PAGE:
My third baby was born with a submucosal-type sublingual frenulum ; a condition that began to affect our lactation practically from the first day, causing cracks, painful feedings and poor weight gain.
My extensive experience with breastfeeding her siblings allowed me to quickly identify that something was wrong, and thanks to the intervention of a doctor specialized in breastfeeding, my baby’s frenulum was corrected.
Signs that put us on alert
Just a few weeks before my third baby was born, I had ended breastfeeding with his sister ; a lactation that was plagued with potholes from the start. Check out more interesting topics on our site Faith Blog.
Among the wide range of difficulties that we went through was also a short lingual frenulum not diagnosed in the first few months that brought me serious complications .
When a counselor finally diagnosed my daughter’s frenulum , almost five months of pain and cracking had already passed . However, I felt that breastfeeding was beginning to flow after so many tears, so I decided not to intervene with my daughter for fear that a situation that seemed to be on track would get complicated again.
I breastfed my daughter for 13 months, and five months after weaning her brother was born , so I had a very recent memory of breastfeeding dotted with really painful and difficult moments.
I was hoping that this time it would be different, but as soon as I put my baby to my breast I knew that I would have to deal with the same problems again .
And the fact is that I already had plenty of experience to identify that this stabbing and sustained pain during feeding was not due to poor posture, but again, to a short lingual frenulum of my baby.
But in addition to the cracks and mastitis that immediately manifested themselves, my baby presented other additional symptoms such as tiredness after extremely long feedings in which he was barely able to express milk, clicking with his tongue while nursing and a stagnant weight that began to worry the pediatrician.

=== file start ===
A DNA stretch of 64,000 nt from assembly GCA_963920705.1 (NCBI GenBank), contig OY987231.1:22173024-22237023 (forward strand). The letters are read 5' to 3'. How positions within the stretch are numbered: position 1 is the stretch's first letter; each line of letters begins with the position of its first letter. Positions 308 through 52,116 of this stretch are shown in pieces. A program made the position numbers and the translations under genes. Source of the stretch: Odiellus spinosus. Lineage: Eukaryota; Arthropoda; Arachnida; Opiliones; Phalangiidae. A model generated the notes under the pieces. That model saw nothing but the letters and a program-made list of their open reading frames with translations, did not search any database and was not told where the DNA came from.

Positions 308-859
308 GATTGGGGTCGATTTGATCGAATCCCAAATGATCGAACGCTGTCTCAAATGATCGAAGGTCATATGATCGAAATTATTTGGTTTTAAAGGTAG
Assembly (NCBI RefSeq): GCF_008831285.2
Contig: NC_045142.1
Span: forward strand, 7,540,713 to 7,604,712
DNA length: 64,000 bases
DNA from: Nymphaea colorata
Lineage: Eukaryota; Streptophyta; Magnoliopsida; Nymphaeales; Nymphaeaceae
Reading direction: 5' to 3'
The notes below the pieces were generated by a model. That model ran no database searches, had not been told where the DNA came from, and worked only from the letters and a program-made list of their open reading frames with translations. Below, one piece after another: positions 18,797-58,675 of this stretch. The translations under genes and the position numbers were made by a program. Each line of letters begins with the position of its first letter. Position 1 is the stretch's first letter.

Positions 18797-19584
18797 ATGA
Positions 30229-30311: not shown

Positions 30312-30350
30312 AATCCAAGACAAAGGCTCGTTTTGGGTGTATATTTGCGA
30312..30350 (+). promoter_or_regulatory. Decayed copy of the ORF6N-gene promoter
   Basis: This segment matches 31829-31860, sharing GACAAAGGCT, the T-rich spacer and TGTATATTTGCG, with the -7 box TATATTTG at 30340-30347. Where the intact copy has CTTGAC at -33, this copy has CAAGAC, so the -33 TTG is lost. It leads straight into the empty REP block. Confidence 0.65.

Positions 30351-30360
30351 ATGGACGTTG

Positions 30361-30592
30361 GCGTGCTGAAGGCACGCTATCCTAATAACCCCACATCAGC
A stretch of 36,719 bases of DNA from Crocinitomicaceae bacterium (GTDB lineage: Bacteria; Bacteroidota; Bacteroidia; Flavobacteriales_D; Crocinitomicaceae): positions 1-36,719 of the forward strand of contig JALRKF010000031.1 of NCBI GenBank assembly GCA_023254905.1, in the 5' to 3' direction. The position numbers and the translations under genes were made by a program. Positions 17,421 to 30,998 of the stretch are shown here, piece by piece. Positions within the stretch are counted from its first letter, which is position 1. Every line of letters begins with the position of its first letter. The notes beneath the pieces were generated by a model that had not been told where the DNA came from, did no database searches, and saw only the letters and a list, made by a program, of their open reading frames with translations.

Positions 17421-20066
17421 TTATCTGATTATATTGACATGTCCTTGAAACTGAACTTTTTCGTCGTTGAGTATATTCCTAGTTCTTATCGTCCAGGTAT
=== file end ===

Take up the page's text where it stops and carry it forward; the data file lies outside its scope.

Frenectomy, the best solution in our case
If one thing was clear to me, it was that I did not want to relive the ordeal that breastfeeding my daughter meant for me for a long time, so we quickly put ourselves in the hands of a pediatrician specialized in breastfeeding and a reference in the subject of braces.
With great empathy and professionalism, he explained to us how the lingual frenulum that my son had was affecting our breastfeeding , and he told us about possible solutions in this regard.
On the one hand, there was the option of waiting , but always under the consent and supervision of his primary pediatrician, since my baby’s weight gain was not optimal. And it is that as the baby grows, so does his tongue and his mouth , so on many occasions the problem ends up being solved over time, as happened to me with my daughter.
On the other hand, it was important to manage the issue of pain during feeding, and therefore it was essential to have the advice of an expert to help me find the best position to breastfeed my baby .